Any teacher who has taught in a real life classroom setting knows that students can change the way a day’s lesson goes. A student can ask a question related to the subject matter that creates the need to pause for a moment and explore an entirely different topic. In the same way, students can play off of one another. For instance, perhaps the teacher asks a question and the answer given by a student leads to an additional answer or question from another student. Before long, the teacher has guided the students’ thoughts and questions into a deeper study of the subject matter, helping them gain more insight; however, that’s not likely to happen in the virtual classroom.
For example, students who take a course in English online and students who take the same course on campus do not learn the same things or have the same experiences. The online course is more straightforward. Students check in, read or watch the lesson, do the assignment, submit it and await a grade. They then move on to the next session.
Students in the traditional classroom, however, have the opportunity to ask questions, explore topics, socialize and share helpful hints for the next writing assignment. The teacher is able to monitor or jump into discussions as needed and lead or direct the learning experience. In a virtual classroom, interaction is rare, and when there is, the teacher monitors it and may or may not comment before giving the next assignment and moving on.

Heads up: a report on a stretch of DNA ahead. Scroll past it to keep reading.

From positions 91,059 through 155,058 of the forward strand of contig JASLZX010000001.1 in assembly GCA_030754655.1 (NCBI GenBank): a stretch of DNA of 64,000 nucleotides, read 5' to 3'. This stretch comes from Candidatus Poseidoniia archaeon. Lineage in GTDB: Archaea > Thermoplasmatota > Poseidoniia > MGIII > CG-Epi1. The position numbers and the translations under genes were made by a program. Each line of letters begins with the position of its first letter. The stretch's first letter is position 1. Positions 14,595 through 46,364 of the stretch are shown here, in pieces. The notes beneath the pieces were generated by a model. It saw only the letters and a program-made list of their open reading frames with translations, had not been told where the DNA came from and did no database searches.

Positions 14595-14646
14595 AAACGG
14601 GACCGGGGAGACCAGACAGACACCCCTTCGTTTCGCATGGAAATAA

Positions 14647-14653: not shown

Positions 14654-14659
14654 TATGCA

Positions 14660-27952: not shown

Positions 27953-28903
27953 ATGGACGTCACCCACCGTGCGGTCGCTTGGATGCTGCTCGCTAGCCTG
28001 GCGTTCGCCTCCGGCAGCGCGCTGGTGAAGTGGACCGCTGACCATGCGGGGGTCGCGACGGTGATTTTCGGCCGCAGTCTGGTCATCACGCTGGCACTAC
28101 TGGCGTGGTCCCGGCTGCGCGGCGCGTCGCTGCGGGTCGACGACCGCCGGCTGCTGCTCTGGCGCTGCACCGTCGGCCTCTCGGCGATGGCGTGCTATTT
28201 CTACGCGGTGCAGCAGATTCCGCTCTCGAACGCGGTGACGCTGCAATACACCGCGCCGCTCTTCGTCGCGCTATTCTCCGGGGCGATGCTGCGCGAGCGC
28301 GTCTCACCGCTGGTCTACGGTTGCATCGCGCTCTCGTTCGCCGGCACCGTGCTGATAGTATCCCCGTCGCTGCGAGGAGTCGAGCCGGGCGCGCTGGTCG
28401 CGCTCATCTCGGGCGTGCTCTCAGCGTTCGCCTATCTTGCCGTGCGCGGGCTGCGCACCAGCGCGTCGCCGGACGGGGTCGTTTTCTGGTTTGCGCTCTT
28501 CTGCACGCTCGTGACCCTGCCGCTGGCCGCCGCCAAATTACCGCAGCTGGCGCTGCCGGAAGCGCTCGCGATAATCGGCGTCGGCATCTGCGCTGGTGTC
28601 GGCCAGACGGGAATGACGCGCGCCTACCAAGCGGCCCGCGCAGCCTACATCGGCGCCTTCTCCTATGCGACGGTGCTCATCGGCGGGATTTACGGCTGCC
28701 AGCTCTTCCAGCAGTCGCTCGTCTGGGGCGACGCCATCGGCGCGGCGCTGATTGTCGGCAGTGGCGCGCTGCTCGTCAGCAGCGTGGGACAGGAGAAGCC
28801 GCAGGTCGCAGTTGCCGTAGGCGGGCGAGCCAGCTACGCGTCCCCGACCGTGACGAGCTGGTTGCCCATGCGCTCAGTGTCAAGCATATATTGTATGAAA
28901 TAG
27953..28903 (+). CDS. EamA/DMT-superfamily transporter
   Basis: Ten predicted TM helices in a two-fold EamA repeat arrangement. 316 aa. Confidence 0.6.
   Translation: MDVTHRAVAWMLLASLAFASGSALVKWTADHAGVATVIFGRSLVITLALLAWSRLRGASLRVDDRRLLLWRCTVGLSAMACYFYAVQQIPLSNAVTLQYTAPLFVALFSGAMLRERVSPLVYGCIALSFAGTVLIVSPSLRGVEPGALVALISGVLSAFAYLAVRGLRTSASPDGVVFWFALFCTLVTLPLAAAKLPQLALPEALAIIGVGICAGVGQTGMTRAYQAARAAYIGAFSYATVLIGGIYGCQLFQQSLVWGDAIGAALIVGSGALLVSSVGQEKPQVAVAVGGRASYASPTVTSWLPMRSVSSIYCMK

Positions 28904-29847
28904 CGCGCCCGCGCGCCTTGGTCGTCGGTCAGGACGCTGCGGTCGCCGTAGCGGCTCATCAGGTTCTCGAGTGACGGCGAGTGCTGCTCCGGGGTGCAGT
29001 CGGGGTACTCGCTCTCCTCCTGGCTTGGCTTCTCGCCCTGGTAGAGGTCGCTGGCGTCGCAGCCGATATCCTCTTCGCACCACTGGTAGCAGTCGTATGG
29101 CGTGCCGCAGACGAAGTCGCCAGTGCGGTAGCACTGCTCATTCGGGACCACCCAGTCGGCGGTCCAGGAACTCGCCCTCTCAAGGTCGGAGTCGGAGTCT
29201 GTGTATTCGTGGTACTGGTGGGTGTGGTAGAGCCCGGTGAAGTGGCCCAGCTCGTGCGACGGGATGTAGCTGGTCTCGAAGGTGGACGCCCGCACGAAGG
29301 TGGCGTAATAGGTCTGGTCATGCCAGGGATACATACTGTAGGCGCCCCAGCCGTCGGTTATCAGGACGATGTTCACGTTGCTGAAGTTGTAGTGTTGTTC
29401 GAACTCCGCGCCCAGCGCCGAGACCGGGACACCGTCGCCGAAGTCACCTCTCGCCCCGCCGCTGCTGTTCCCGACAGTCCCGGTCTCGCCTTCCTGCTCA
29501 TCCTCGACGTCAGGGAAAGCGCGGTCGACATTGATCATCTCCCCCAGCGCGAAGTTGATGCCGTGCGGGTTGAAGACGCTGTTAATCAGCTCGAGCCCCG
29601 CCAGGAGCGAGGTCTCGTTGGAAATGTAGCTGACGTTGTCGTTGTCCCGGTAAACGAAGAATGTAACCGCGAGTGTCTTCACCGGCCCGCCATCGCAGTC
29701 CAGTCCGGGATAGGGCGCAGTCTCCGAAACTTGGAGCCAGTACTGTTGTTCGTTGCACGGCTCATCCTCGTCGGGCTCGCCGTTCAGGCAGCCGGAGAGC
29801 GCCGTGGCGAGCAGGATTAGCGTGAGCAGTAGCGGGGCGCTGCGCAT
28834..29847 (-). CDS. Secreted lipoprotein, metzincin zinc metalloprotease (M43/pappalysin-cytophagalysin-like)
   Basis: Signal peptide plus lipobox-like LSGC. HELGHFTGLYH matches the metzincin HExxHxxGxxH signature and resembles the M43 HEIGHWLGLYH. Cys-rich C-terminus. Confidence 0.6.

The Environment Makes the Classroom
A real classroom environment with students and teachers interacting with one another is the only environment where teachers can receive the full training and instruction they need to be the best at what they do. Whether the individual wants to be a virtual or a classroom teacher, the foundation for this career will always be set in the real classroom environment. It is a necessity for learning to lead, guide, instruct, connect and grow as a teacher. The environment makes the classroom, which is why virtual teaching will never fully replace classroom teaching.